In conclusion, the cylinder head repair should fix the problem. If not, rebuild the bottom end and check all tolerances for factory spec and follow all the factory guidelines for replacing parts. It's also likely that crank seals are bad like everyone has been saying.

Hope I could help a little bit!

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1/9/2015 1:03 PM

if you anything above a beginner you need to at least mix race fuel, the YZ's will not run on pump and live

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1/9/2015 1:34 PM

Is that a crack I see in the left side case?

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1/9/2015 6:32 PM

DoctorJD wrote:

Is that a crack I see in the left side case?

That's just leftover from the casting, they look like cracks, but are usually raised up like a casting seam.

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1/10/2015 2:53 AM

When a crank seal is suspect, the best thing to do is a basic pressure test of the engine, before any disassembly of the engine begins. Test again after reassembly. A two stroke is dependent on a well sealed assembly.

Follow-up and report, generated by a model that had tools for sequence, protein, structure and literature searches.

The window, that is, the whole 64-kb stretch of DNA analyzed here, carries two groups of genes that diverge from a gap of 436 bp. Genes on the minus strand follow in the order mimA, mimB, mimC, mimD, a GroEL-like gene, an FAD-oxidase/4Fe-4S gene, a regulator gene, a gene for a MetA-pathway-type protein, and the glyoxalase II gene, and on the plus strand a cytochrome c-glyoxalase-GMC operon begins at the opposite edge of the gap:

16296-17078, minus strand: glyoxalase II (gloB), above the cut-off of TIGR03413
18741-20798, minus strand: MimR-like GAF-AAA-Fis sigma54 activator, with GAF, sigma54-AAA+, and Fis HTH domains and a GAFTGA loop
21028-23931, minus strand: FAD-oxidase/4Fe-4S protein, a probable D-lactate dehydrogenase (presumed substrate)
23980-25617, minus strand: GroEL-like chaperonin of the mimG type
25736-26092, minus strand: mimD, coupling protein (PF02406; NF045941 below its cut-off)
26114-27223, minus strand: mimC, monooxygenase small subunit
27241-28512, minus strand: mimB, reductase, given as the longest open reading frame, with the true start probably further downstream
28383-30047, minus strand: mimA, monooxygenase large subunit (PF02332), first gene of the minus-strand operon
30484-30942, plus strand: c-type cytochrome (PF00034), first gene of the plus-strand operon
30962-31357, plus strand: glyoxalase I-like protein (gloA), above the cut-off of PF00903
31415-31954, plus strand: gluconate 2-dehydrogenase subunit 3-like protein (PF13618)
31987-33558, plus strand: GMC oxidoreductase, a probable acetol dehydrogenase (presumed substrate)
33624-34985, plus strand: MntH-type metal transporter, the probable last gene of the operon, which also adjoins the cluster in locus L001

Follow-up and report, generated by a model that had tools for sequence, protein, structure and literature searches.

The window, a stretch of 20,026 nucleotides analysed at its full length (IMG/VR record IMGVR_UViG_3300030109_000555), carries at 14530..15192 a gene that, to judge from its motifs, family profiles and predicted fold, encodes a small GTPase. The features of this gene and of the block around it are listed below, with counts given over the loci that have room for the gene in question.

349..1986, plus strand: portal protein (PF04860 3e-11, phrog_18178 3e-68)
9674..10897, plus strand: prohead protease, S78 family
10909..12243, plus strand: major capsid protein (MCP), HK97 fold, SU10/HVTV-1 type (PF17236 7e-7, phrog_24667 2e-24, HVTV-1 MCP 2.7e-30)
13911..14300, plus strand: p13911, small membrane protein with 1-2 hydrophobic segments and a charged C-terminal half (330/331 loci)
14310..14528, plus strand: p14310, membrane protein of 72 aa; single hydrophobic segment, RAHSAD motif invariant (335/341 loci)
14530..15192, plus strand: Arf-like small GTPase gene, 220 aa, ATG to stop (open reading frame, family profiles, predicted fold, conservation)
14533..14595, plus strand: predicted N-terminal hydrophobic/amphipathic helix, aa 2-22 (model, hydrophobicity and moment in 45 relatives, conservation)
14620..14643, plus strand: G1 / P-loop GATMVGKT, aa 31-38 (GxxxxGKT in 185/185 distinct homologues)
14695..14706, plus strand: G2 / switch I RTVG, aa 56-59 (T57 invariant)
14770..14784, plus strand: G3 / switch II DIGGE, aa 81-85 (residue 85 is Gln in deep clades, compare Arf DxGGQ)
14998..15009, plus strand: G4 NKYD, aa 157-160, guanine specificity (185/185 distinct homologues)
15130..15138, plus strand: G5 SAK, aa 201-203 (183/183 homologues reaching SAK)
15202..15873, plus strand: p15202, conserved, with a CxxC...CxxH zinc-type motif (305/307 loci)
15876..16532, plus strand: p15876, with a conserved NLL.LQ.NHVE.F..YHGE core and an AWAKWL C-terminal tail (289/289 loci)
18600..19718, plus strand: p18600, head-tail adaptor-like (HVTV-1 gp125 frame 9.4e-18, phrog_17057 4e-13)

You could have a perfectly good crank seal in place , or knacker up the new one upon installation. Without a pressure check, how would one know ?

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1/10/2015 3:49 AM
Edited Date/Time: 1/10/2015 3:57 AM

you must run at least 97-98 octane for a yz250. this is specified in the manual.
anything less and your engine wont last long, luckily i can get 98 from the pump at BP here, non ethanol.

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1/10/2015 6:21 AM

run vp c12 mixed with yamalube 32:1 and you will not have this problem !!!

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when life throws you a curve throw a leg over a bike and rail that bitch

1/10/2015 8:49 AM

Paw Paw 271 wrote:

Yes a leaking crank seal on the stator side could do that. A warped head can also cause it and I see sighns of that in the photos.